To the best of the author's knowledge, the current paper is the first to address the risk perceptions of various ownership groups on firm's international outlook in an emerging economy context with the latest data. This practical perspective helps the organizations in managing the ownership holdings.

Details

Journal of Strategy and Management, vol. 14 no. 1
Type: Research Article
ISSN: 1755-425X

Keywords

Article
Publication date: 25 December 2020

Veena Madaan and Monica Shrivastava

This paper investigates herding behavior and its persistence among foreign institutional investors (FIIs) in the individual stocks of the energy sector of Indian stock…

Abstract

Purpose

This paper investigates herding behavior and its persistence among foreign institutional investors (FIIs) in the individual stocks of the energy sector of Indian stock exchange by focusing on post turmoil period. The study also examines the relation of herding with the individual return, market return, trading volume and conditional volatility of individual and market return.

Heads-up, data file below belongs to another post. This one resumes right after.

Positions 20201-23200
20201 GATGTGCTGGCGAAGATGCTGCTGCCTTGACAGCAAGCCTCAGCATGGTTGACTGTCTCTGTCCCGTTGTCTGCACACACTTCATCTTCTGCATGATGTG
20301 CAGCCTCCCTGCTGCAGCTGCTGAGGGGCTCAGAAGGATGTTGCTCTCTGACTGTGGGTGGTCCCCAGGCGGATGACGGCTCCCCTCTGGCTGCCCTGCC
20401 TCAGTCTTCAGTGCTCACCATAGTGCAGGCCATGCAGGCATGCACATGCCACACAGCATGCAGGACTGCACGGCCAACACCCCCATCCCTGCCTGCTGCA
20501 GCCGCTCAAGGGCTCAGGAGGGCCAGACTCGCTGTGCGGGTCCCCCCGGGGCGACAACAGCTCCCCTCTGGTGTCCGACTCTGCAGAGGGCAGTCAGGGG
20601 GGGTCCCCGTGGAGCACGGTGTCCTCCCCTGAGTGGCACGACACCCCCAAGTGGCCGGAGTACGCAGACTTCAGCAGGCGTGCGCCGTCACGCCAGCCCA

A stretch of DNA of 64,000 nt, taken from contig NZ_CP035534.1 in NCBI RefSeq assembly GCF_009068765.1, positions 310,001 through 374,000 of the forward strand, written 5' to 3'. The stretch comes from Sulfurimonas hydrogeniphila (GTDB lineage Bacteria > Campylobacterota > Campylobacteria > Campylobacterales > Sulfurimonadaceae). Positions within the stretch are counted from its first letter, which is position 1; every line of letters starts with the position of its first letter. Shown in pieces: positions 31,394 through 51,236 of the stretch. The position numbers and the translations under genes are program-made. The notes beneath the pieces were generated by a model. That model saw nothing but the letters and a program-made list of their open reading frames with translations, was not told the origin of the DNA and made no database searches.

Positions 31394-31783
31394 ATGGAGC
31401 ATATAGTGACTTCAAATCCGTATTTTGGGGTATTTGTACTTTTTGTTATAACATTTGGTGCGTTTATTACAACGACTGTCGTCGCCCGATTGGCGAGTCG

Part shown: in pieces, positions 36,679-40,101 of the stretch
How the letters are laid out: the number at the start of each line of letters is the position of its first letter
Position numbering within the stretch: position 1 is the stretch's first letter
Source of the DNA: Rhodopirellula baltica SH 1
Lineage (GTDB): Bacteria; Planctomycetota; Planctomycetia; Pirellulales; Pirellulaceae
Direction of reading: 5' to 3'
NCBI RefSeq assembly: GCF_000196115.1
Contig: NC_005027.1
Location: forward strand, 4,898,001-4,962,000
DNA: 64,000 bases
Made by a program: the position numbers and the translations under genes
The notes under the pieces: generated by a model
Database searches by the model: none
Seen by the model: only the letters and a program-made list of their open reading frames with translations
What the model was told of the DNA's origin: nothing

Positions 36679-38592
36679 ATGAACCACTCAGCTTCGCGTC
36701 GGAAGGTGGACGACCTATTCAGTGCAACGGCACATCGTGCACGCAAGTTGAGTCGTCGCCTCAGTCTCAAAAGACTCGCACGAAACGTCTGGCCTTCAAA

Design/methodology/approach

The presence of herding is investigated by Lakonishok et al. (1992) model, value-based and count-based herd ratio measure among FIIs in individual stock of energy sector post turmoil period. Further, run test was employed to check the persistency in herding and multivariate distributed lag to investigate the relationship with the market determinant.

Findings

The result indicates the existence of herding in most of the companies and strong persistence in all the companies. The intensity of buy side herding is higher than sell side. Herding and individual return both are significant driving forces of FIIs herding, while trading volume and market volatility in few companies exhibit inverse relationship.

Research limitations/implications

This study is limited to investigation of energy sector stock.

Social implications

Stock market is significantly influenced by FIIs and their propensity to herd may generate instability in the stock market. Therefore, regulatory authority should continuously monitor the flow of fund by FIIs.

Originality/value

Herding in the individual stock of the energy sector was not previously performed.

Details

South Asian Journal of Business Studies, vol. 11 no. 2